I’m glad the girls love eating early

Mo Farrah after missing out on a gold medal
				 Picture: Adam Davy

VERITY LUSH: Leave me to browse the make-up counter in peace

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Breakfast is the most important meal of the day, or so we’re told.

But is this statement really true, or does it fit into the category labelled old wives’ tales?

In today’s fast-paced world it’s so easy to simply grab a tea or coffee in the morning and wait until lunch to put some food in your belly. But in doing this are we creating more bad than good?

Well it seems the answer is yes. I typed into Google ‘why is breakfast important’ and was given so many websites with so many reasons why eating in the morning is beneficial that I’d take up this entire newspaper if I listed them all.

The main reasons are the obvious ones. Breakfast gives you energy and 25 per cent of your daily food intake should be in the morning.

It boosts your brain power and helps improve your concentration and memory.

And breakfast will stop you snacking before lunchtime and therefore is good for your waistline.

Breakfast literally means ‘break the fast’ as most people would not have eaten for around 10 to 12 hours. But for children, who tend to eat their evening meal earlier, this time can be even longer, making breakfast even more important to give them energy and kickstart their day.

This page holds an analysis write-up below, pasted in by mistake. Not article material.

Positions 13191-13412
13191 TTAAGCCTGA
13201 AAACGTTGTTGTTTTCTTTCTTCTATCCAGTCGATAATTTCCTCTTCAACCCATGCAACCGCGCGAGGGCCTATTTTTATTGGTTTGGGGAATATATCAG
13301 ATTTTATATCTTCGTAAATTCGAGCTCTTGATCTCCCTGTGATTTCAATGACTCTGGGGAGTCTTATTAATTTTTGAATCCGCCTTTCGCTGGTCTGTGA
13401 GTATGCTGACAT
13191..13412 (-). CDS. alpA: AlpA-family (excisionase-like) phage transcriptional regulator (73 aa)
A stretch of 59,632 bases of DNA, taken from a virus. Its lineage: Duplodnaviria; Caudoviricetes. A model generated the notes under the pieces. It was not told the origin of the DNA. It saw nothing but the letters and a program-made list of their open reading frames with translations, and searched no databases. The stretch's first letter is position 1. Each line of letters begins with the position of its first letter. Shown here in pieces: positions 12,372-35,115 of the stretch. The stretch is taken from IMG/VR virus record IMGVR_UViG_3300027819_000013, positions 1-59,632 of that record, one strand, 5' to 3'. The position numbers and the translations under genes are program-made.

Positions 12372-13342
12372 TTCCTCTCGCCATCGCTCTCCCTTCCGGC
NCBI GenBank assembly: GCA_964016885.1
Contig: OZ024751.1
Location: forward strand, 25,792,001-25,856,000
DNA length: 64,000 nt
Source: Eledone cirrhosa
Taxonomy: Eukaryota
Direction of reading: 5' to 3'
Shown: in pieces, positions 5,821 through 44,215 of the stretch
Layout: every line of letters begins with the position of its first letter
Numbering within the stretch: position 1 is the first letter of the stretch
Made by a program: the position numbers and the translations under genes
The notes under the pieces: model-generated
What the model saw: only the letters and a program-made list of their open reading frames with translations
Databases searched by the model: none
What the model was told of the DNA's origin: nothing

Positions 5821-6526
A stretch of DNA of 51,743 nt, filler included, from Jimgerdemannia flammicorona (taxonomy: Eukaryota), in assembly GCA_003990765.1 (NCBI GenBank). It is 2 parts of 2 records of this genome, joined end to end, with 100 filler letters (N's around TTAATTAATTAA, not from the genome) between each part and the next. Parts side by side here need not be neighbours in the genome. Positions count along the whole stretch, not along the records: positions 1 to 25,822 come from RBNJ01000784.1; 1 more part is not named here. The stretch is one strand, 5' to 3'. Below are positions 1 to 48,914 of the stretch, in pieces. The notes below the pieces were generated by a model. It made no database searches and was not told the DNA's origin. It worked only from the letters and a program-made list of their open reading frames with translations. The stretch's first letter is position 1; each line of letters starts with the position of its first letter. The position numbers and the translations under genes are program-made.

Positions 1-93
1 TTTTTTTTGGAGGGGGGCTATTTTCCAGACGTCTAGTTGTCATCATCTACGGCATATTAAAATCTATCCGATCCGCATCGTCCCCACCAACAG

But as reported in the newspapers recently, many children are missing breakfast and going to school on an empty stomach.

Research carried out revealed that one in seven children in the UK go to school without having breakfast every single day. There is also a rise in teachers reporting children arriving at school hungry.

When I was a child breakfast was really important, even if it was just a small bowl of cornflakes. If I didn’t start the day with some food there would be consequences.

I would get tired during the school day and remember on several occasions fighting to keep my eyes 
open, particularly during history lessons.

For this reason I make sure my children start the day with a good breakfast.

Not that I have to encourage them, with two-year-old Alyssa requesting porridge from the moment she 
wakes up and four-year-old Caitlin preferring toast and fruit to start her day.

My problem isn’t my children not eating their breakfast but the time in which they do so.

They seem to like to sit back and relax and really enjoy every mouthful.

I’m pleased they don’t take after their fast-eating daddy by gobbling down their breakfast and making it disappear like a magic trick.

But with the clock ticking and having to get Caitlin to school on time, I wish they’d eat a bit faster.